No other nation has, at least publicly, backed Australia’s call for an inquiry, though politicians in the US and Germany are pushing for financial compensation from China for Covid-19 related economic losses.

Washington cut off funding to the WHO after accusing the United Nations body of “severely mismanaging and covering up” the virus at the behest of China. Australia is also unhappy, but still supports the WHO.

The “Five Eyes” intelligence community comprised of the US, UK, Australia, Canada and New Zealand is conducting its own investigation into whether Covid-19 may have been accidentally released from a Wuhan laboratory involved in virus research, according to media reports.

Chinese President Xi Jinping visits the Covid-19 epicenter Wuhan, Hubei province, on March 10. Photo: AFP

Wuhan Institute of Virology has dissected bats that carry RaTG13, the closest pathogen to SARS-CoV-2, which causes Covid-19. The reports suggest that Five Eyes inquiries have centered on Wuhan scientists Peng Zhou and Shi Zhengli.

Shi led a team from Wuhan and the US that took samples of droppings from horseshoe bats at a cave in Yunnan province in 2004 and was the first to find a definite connection between the animals and RaTG13. Her database found a 96% virus match between the droppings and Covid-19.

Three other species of bats were also studied by the laboratory in a five-year period, according to papers published in 2005 and 2017. Shi disputed the belief that a host is needed for the virus to leap from bats to humans.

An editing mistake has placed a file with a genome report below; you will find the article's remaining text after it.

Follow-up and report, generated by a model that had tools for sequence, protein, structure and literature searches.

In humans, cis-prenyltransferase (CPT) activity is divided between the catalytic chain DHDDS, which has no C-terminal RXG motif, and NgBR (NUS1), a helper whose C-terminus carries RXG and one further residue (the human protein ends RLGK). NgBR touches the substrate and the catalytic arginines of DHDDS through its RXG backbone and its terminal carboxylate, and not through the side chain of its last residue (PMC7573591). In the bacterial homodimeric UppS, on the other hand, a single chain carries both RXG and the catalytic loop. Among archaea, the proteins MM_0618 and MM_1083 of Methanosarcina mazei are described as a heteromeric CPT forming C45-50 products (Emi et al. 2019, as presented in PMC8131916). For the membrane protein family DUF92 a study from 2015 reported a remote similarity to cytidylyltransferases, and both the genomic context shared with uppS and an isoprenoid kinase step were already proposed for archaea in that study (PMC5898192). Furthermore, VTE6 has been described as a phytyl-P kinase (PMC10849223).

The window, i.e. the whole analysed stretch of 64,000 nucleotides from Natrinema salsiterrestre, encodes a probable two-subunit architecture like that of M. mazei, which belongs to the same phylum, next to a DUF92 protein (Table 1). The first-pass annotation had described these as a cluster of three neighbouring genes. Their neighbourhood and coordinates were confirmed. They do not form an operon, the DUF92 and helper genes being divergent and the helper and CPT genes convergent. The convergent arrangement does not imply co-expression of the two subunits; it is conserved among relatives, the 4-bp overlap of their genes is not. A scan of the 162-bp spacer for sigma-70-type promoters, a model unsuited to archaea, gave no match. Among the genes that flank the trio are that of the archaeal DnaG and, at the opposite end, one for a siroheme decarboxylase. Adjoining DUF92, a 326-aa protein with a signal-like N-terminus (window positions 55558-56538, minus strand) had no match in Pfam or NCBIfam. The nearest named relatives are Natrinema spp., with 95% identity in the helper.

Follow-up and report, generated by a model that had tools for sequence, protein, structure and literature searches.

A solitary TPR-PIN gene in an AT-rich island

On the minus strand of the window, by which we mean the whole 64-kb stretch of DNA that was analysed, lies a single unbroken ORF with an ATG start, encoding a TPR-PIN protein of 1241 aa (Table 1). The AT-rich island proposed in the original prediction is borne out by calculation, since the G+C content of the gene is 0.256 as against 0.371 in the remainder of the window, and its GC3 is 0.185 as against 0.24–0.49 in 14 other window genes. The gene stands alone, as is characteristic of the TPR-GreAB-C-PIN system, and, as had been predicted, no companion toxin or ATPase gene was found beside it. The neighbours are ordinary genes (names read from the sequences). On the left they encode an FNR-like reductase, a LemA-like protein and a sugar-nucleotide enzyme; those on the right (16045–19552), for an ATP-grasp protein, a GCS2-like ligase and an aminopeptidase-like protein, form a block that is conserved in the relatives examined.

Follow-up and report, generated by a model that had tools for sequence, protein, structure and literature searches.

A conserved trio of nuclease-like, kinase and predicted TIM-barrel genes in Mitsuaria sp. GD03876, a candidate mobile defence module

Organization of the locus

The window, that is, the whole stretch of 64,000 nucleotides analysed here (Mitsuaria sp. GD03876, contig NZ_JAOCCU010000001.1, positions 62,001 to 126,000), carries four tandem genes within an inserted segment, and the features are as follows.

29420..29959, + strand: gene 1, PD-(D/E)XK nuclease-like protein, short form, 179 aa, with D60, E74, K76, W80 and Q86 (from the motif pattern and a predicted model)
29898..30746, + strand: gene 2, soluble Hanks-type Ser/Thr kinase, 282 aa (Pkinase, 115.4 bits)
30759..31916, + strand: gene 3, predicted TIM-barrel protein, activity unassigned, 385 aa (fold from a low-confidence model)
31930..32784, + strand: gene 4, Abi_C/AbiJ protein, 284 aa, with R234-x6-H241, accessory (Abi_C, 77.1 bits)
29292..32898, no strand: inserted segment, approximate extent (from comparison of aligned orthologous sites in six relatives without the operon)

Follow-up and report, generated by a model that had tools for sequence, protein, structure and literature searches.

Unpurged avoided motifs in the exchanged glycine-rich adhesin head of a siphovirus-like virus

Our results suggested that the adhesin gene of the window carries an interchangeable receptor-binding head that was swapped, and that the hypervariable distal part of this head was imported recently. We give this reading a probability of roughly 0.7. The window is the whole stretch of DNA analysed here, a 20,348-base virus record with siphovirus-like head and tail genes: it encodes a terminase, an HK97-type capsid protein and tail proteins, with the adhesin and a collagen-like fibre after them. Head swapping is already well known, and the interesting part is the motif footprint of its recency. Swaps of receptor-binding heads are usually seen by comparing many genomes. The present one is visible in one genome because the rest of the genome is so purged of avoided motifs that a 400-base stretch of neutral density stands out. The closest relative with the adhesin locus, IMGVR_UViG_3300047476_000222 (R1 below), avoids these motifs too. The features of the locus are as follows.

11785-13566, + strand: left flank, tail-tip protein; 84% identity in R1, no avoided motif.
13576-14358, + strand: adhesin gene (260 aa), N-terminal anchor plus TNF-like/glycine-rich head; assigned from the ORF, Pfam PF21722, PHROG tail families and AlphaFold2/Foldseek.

Peng and Shi also separately took part in research in the past decade at the Australian Animal Health Laboratory near Melbourne, which looked at links between coronaviruses and bats caught at a colony in Queensland.

These bats were studied because they harbour hendra and nipah viruses, which have infected large fruit bats and can be transmitted to humans.

The US-funded research into bat coronaviruses in a lab in Wuhan, China, that is now under scrutiny for possibly being behind the Covid-19 pandemic. Photo: Facebook

Beijing initially said Covid-19, which was first detected in early January, originated in a wet market selling live animals near the Wuhan laboratory, but now maintains that there is no evidence that it came from China at all.

“China is the first country to report a Covid case, but it doesn’t mean the virus originated in China,” foreign ministry spokesman Geng Shuang said on Monday.

 “Some people are trying to hype up the so-called investigation that is inconsistent with an international atmosphere of cooperation and their political manoeuvring will not succeed,” he said.

Researchers who have mapped Covid-19’s gene sequence confirm that it is of animal origin, but said the host might not have been a bat.

Pangolins, sold at some live animal markets in China, can also carry coronaviruses, but it’s still doubtful independent investigators will be allowed to probe and test such theories from inside China.   

This story appeared first on Asia Times